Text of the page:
Data breaches…the gift that keeps on giving. At least, that’s the way Facebook co-founder Mark Zuckerberg has been experiencing them lately. Thanks to (probably) the 2012 LinkedIn hacking event, the social media creation whiz had three of his online accounts breached. How does that add up?
Data that was stolen in 2012 was released only a matter of weeks ago on a dark web sales platform. Information that was stolen all that time ago included usernames, emails, and passwords for the business-oriented networking platform. Anyone who had established a LinkedIn account–and then promptly forgot about it–may have inadvertently been using a password on that site that they repeated on another site.
Hence the hacking of Zuckerberg’s Twitter and Pinterest accounts. Once the thieves accessed his LinkedIn account using the outdated, stolen information, they tried their hand at his other accounts and landed on access to two other social media accounts. Unfortunately, the genius behind arguably one of the most game-changing tech innovations of recent times reportedly used “dadada” as his password.
Security experts have warned for some time that using weak passwords and then reusing your passwords on multiple sites is just courting danger. A strong password is one that contains an unguessable combination of letters (upper and lower case), numbers, and symbols; it should never contain any part of the user’s name, email domain, or the name of the website where the account is based. Of course, it should also not be one of the single most common passwords in use: password.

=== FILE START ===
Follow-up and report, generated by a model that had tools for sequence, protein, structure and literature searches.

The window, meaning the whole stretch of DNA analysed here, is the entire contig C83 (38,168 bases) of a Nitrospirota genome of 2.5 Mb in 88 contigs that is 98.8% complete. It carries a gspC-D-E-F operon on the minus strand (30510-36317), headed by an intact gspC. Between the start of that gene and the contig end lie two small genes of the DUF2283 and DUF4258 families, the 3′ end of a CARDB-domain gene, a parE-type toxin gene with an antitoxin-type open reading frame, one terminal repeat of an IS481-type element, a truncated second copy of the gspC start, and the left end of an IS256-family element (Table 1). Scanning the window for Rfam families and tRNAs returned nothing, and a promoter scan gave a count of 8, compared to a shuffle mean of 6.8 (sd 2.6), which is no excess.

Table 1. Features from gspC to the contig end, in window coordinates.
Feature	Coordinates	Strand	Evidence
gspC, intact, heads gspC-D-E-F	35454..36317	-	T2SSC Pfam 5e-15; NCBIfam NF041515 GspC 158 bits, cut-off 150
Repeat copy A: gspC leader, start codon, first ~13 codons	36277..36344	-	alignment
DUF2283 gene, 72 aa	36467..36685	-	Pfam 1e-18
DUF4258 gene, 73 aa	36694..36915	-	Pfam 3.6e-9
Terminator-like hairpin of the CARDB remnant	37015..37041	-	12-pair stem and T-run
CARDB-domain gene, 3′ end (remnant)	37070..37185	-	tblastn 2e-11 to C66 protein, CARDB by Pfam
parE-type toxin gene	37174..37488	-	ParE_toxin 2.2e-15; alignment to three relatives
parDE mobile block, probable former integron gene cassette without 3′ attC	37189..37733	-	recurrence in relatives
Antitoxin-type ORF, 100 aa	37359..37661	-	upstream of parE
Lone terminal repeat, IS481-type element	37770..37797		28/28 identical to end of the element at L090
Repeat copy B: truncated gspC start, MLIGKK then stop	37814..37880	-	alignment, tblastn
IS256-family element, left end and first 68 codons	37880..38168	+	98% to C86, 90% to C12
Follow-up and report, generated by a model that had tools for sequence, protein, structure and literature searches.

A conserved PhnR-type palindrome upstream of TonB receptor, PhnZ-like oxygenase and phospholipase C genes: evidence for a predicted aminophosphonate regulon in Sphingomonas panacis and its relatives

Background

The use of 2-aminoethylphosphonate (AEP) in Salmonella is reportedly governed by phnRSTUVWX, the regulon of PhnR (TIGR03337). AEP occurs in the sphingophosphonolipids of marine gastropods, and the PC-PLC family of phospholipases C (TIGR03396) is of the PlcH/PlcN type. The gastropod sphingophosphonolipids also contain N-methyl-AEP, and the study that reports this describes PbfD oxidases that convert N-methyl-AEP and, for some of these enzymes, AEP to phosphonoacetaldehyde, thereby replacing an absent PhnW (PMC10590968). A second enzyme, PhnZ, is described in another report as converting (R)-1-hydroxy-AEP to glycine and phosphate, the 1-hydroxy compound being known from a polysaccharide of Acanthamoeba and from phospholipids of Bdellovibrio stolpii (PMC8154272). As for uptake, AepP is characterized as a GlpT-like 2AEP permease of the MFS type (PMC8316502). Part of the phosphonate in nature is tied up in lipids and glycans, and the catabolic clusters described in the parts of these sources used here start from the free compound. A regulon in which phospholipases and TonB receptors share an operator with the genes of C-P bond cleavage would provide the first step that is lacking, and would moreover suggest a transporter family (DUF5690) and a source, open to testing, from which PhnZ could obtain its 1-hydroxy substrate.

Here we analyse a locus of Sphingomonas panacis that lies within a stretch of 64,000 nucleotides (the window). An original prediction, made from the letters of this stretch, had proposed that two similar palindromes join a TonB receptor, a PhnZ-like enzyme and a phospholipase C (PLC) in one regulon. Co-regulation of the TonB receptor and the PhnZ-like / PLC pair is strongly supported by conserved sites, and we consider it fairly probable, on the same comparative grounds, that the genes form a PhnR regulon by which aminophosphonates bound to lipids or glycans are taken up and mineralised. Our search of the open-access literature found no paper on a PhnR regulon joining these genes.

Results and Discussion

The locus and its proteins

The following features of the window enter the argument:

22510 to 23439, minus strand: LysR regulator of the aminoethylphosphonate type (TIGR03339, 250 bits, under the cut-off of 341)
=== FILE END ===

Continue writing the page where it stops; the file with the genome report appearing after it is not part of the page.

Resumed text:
Also, as the term implies, a unique password is one that you only use on one account. Had Zuckerberg heeded this crucial warning, the group who accessed his information on LinkedIn would have gotten no further than that lone account. The problem comes in trying to create a strong password that meets the above criteria, then trying to remember it for every different online account. This proves impossible, which is why experts recommend downloading a password manager like LastPass.